1 Jul 2018

Arabian Cicada - Tanoumah

Whilst in Tanoumah in June I photographed what I believe to be an Arabian cicada Platypleurini arabica on a metal light-post. Insects were calling all around but are extremely well camouflaged and therefore difficult to see. Luckily Arnold Uy who was with me found the insect after a little searching. The adult Arabian cicada emerges during the summer months, from April to August, when the males produce a loud, monotonous call to attract females. These calls are produced by a pair of thin membranes within the abdomen, which are vibrated to produce a rapid train of pulses or clicks. The adult Arabian cicada feeds on various tree species, using the specialised mouthparts to pierce the trunk and suck up the sap. A common sight on trees and bushes in summer months, the Arabian cicada is also well known throughout its range for the loud, continuous ‘singing’ of the males. This relatively large, up to 26mm, robust insect has a brown body with lighter bars of colour at the base of the wings, which are transparent, with dark veins. Like other cicadas, the Arabian cicada has sucking mouthparts, and the rostrum (the projecting part at the front of the snout) originates from the underside of the rear of the head, rather than from the front as in ‘true’ bugs (suborder Heteroptera). The antennae of cicadas are very short and end in a bristle, and the membranous forewings are held in a tent-like position over the body extending past the end of the abdomen. The first two segments of the abdomen are modified for sound production. Often heard chirping in the warm part of the day, but if danger arises they will stop chirping immediately.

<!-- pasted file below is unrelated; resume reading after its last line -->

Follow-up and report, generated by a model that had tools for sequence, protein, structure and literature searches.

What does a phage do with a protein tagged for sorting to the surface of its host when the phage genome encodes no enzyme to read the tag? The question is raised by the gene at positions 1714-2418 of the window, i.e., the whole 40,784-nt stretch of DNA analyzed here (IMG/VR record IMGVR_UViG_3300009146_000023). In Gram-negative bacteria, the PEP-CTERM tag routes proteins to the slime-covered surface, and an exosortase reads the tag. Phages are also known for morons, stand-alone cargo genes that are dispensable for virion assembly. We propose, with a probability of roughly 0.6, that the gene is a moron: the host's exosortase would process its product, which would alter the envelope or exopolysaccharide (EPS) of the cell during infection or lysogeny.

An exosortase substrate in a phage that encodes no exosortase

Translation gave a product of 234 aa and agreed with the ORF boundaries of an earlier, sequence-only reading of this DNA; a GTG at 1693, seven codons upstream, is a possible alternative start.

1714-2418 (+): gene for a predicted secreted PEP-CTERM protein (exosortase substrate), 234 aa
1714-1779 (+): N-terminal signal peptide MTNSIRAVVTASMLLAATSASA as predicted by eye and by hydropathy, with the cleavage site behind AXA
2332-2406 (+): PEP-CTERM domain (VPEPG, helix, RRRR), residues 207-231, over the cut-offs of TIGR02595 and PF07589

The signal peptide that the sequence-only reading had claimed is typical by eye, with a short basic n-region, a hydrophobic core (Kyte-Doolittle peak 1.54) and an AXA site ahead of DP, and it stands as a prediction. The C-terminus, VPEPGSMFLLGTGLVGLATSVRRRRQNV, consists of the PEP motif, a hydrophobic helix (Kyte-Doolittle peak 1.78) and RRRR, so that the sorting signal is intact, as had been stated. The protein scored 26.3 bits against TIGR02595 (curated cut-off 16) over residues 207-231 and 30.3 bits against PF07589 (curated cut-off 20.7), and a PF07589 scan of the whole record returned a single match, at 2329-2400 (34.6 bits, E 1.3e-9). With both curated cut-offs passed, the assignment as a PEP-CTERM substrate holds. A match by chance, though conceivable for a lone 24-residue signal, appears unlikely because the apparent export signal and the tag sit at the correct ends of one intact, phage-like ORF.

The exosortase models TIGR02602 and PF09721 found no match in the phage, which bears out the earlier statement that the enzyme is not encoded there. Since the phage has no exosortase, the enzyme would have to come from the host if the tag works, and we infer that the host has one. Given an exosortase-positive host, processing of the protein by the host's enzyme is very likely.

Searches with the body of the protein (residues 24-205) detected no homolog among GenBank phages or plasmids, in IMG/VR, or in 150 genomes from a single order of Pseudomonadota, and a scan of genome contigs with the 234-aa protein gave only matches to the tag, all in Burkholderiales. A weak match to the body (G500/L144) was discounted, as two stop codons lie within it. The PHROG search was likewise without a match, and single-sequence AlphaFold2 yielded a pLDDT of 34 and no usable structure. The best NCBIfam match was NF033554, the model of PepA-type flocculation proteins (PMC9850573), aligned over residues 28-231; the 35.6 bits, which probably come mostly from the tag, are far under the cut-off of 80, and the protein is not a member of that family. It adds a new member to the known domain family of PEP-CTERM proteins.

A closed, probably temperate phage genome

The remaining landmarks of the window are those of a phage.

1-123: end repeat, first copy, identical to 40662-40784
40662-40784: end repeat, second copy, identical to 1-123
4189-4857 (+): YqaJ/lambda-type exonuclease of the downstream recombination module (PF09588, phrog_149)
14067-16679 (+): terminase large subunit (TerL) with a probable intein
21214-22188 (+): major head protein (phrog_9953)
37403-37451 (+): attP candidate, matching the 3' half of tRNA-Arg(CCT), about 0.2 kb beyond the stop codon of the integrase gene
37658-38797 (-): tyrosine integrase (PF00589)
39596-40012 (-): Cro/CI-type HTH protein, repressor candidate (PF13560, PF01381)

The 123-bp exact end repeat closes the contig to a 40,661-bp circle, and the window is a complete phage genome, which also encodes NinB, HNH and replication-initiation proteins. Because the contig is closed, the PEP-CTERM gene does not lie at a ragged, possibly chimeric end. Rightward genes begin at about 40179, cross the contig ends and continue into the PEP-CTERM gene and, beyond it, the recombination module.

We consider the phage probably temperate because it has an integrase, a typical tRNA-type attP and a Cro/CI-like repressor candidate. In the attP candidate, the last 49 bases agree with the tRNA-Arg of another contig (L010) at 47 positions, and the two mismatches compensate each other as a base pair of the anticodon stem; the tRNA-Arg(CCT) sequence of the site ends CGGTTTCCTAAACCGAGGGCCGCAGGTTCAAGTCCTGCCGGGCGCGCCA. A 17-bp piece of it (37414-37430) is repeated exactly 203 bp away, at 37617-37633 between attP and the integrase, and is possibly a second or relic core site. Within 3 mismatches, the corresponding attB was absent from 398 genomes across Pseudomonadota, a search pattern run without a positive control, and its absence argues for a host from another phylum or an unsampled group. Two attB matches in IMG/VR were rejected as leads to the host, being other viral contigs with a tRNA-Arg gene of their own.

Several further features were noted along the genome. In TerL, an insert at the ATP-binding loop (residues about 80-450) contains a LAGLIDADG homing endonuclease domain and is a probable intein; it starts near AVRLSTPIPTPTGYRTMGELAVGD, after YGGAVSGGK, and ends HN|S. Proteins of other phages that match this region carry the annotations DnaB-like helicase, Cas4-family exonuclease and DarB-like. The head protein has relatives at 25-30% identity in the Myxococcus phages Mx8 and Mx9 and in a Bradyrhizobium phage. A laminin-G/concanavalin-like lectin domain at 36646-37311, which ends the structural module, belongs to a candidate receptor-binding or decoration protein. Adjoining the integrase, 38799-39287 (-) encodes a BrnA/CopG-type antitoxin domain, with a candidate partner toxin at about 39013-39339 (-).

Arabian cicada - Platypleurini arabica

Arabian cicada - Platypleurini arabica

Arabian cicada - Platypleurini arabica

No comments:

Post a Comment